I was recently asked for my opinion on two new startups focusing on delivering graphical assets to marketing departments – GraphicStock.com and CreativeMarket.com. It made me think more generally about the creative process within marketing and that led me to the somewhat provocative headline of this post.
Speaking as someone who works in marketing and as a potential customer, I prefer GraphicStock.com. It’s easy to justify $99 and it’s just a single decision I have to make. The problem I see with CreativeMarket.com is that I have to make multiple buying decisions. The problem with that is not just the overhead, but I frequently try many designs through to completion before abandoning most of them and settling on one direction. I don’t really want to be “wasting” several $19 purchases each week. In other words, I don’t really know what I want until I’ve used it.
I am just a single data point. Other marketers may think different, so I can’t really say with any conviction which approach will be more successful, but my hunch is that many will think like me, and given that, then I would always bet on the company with the biggest target market, even if the “per-drink” pricing of CreativeMarket suggests bigger potential revenues.
However, I have a bigger concern about both these companies in terms of the basic value proposition. I believe designs are worthless, but designers are priceless.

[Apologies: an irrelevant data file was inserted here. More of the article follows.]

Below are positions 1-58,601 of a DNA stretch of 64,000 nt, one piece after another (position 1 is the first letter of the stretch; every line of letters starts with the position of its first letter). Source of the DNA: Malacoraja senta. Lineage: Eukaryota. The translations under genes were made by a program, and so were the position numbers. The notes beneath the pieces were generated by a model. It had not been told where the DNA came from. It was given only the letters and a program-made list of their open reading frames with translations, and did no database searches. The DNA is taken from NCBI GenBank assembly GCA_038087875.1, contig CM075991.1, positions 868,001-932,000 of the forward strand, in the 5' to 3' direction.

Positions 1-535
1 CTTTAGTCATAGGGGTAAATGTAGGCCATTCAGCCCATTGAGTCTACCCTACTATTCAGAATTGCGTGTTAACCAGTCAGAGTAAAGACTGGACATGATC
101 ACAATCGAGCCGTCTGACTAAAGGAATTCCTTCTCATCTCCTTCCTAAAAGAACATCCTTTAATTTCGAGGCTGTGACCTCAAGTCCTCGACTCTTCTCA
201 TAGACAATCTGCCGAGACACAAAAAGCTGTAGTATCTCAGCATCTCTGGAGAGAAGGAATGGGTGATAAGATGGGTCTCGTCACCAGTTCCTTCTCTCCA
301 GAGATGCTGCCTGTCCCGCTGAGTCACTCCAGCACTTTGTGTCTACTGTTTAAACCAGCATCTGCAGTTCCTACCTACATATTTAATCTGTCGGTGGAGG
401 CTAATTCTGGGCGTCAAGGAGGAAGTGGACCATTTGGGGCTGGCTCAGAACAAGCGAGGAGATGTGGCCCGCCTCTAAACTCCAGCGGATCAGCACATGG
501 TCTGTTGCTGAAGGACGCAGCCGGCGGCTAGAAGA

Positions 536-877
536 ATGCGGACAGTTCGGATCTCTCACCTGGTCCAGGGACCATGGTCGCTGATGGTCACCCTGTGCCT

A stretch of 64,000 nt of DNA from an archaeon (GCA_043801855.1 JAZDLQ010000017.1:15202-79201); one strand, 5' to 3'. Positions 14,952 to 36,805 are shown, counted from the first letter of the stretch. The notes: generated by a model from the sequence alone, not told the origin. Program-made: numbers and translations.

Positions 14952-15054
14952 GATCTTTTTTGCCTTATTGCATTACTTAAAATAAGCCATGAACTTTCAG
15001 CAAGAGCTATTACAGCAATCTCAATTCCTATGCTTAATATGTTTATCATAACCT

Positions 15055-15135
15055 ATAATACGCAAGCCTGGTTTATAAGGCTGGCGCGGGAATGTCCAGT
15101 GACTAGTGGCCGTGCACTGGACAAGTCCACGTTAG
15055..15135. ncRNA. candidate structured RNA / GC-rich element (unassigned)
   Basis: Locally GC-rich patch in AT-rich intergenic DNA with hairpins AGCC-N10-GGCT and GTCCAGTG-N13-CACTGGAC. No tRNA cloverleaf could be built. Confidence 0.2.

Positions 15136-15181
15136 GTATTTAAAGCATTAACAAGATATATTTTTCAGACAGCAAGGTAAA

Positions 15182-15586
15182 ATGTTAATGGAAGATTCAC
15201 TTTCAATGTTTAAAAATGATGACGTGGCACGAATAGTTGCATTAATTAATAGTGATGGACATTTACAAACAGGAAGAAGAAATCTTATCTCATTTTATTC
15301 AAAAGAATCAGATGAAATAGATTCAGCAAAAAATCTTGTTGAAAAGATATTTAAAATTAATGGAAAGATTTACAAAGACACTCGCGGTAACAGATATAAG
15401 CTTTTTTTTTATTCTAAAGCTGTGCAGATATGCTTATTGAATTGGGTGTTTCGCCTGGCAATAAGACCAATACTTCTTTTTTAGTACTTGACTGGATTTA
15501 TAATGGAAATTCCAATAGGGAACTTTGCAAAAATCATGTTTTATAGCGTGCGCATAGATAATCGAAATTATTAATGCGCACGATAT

Let me explain. For many requirements, graphic assets are satisificers. You don’t need the best font, you need a “good enough” font. Google’s font api gives you that for free. You don’t need the best photo of a computer, you need a “good enough” one. There has been an explosion of free stock photography (e.g.), such that there is no real need anymore to spend a fortune with Getty images.
By definition, all of the assets on both sites are generic. Because of that, they will be supplanted by free assets funded by marketing companies using this as a way to grow their own businesses.
My all time favourite piece of graphic design is Paul Rand’s rebus design for IBM. I wear my rebus T-shirt with pride (as a recovering IBMer), and people still come up to me even now and say “cool T-shirt!”. It’s un-rip-off-able, making it worthless to resell. It’s so specific to IBM no one could copy it, expect maybe the general idea of a rebus, but then Paul Rand did not invent that concept. It works so well because of the detail, because of the execution. The eye is vision, the bee industry, and the M is what resolves the puzzle. Steve Jobs paid Paul Rand a small fortune to design the logo for Next Computer and didn’t want to work with anyone else.
This is what I would use CreativeMarket.com for – discovering designers who make me go “wow” and commission them to work on specific projects. That is what I mean when I say designs are worthless, but designers are priceless. If this form of creative portfoilo/eLance model is not already in plan for CreativeMarket.com, then I think it should be.